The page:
The tribunal felt that the employer can conclude the brakes were not faulty. This is in the light of all of the evidence, and lack of a positive alternative explanation from the client.

Decisions to dismiss are rarely black and white. They need to fall in a ‘band of reasonable responses’. A tribunal will always be looking at the overall reasonableness of the employer’s decision taking account of the full circumstances.   

However, we were successful in pointing out the procedural irregularities throughout. The tribunal decided that if the employer had adopted a proper procedure, there was a 30% possibility that the employer’s decision might have been in favour of our client. So, he received only a proportion of his full damages. However, that was enough to cover the trial costs. He fought the case as a matter of principle, and so he was pleased with the result. He had few ongoing losses as he found an alternative job three months after being dismissed in any event.

If you would like advice on any aspect of employment or business law, please contact us directly:

Kuldeep S. Clair

Consultant Solicitor 

kuldeep@sterlinglawyers.co.uk 

+44 7 484 614 090

Debt and Money Claims in the UK

Debt and Money Claims: personal or on behalf of businesses, whether you are pursuing or defending

We are accustomed to recovering money or defending claims for monetary sums on behalf of our clients.

Unfortunately, the fact that it is not possible to recover hardly any legal costs in cases in ‘small claims’ cases  means that it may not be worth instructing us unless, practically, the dispute involves a sum of at least £6,000.

Having said that, sometimes our clients want to pursue their debtor as a matter of principle, even if the net sum recovered for them is a small proportion of the total sum that was due. That is entirely understandable.

Not all debt claims end in success. There is often a lot of frustration along the way. The lawyer’s job is very difficult. But often, we are very successful.

Sterling Law have concluded a settlement in a case where we had been acting for an architect who had been dealing with a company in the building trade. Several of our client company’s invoices totaling almost £9,000 over the early part of 2018 had remained unpaid for 5-6 months, despite repeated demands for payment. The debtor had just completely ‘blanked’ our client.

We have now received the final instalment in payment from the debtor company in this case, against whom we obtained judgment. This has been paid to our client, the creditor company. Of course our client’s director has expressed his delight at the outcome.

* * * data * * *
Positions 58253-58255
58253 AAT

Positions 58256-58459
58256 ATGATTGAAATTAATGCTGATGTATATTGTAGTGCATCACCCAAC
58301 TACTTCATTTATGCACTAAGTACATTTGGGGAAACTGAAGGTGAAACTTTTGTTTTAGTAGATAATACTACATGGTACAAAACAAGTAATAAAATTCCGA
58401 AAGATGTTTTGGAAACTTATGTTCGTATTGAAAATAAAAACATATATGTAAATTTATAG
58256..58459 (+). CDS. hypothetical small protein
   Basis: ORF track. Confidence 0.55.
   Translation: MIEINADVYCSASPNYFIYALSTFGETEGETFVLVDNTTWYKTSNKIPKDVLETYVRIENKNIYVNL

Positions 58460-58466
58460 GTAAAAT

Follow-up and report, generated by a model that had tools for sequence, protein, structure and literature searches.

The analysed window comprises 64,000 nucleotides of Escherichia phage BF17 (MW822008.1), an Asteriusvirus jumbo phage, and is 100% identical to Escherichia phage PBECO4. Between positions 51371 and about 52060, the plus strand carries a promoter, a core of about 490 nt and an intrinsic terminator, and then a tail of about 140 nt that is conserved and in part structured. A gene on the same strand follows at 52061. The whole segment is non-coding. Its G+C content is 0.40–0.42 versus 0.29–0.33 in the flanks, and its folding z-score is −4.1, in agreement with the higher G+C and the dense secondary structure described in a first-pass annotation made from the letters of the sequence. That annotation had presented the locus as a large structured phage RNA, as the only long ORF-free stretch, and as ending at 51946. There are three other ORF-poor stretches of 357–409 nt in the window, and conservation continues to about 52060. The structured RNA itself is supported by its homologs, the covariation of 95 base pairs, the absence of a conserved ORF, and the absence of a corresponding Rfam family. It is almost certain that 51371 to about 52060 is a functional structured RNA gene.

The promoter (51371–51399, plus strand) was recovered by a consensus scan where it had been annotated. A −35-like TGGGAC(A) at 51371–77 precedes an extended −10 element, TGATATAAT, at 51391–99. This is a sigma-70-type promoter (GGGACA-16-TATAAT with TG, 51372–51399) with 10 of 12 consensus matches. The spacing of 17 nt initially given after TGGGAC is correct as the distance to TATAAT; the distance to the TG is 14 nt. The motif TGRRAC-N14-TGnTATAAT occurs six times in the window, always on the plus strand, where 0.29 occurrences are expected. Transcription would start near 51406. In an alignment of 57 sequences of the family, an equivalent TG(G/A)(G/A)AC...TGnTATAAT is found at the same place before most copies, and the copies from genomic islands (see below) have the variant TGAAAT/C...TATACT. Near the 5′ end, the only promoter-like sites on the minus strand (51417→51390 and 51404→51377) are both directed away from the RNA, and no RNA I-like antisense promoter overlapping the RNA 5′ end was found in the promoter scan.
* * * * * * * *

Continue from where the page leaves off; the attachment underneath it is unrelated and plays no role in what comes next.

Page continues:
Judgement-in-Default

The defendant, despite being a highly qualified professional, ignored our two ‘letters before action.’ He then ignored our issue of the court proceedings. We then obtained ‘judgement-in-default’ against his company. He then sprung into action when was threatened to face enforcement of the judgement. Various excuses were made, including blaming his accountants for not receiving the letters and court papers on time, even though they were sent to the correct registered office of the company. Ultimately, the director threatened that he would dissolve his company unless we accepted half the sum due, in full and final settlement.

We were not going to be fobbed off by this nonsense and advised our client accordingly. We had no reason to believe that the defendant company was on the verge of insolvency, and if it was so, we questioned why the director had half the sum sitting in his bank account, available to be paid immediately.

Ultimately, we obtained agreement for half the debt under the judgement to be paid immediately (which it duly was, this week), and for the second half next month.

Our client was delighted with the result; a combination of litigation and tough negotiation achieved a great result. If we had merely launched into enforcing the judgment, it would have taken much longer to obtain the money and costs (payable by our client and not all recoverable from the other side) would have been higher.

If you have a dispute upon which you need advice, please contact us. We can either represent you in court or just provide advice at an initial consultation.

Please contact Kuldeep S. Clair, Consultant Solicitor and Advocate, directly:

Email: Kuldeep@sterlinglawyers.co.uk

Mobile: 07484 614090

Tel. 020 7822 8599

Can Tier 2 employees be furloughed?

Recently, the Government introduced Coronavirus Job Retention Scheme which allows employers to put their employees on 80% salary (or a maximum of £2,500 gross per month, whichever is lower) furlough leave which subsequently will be reimbursed by the Government.

One of the main questions for businesses employing Tier 2 migrants is whether this category of employees can be furloughed without negative effects on their visas.

Our answer is YES, however certain pitfalls should be taken into account:

Apart from several exceptions, Tier 2 sponsored workers are required to be paid a certain minimum salary amount at all times in order to maintain their visa.

To date, the Home Office’s guidance on coronavirus immigration rule changes has been brief and there is no clear mention of furlough leave and maintenance of the minimum salary amount while the employee is furloughed. Currently, only unpaid leave is properly covered, however, The Home Office’s concession for unpaid leave does not apply to sponsored workers who are furloughed as they will still receive part of their pay. Updated Coronavirus (COVID-19): advice for Tier 2, 4 and 5 sponsors Guidance says: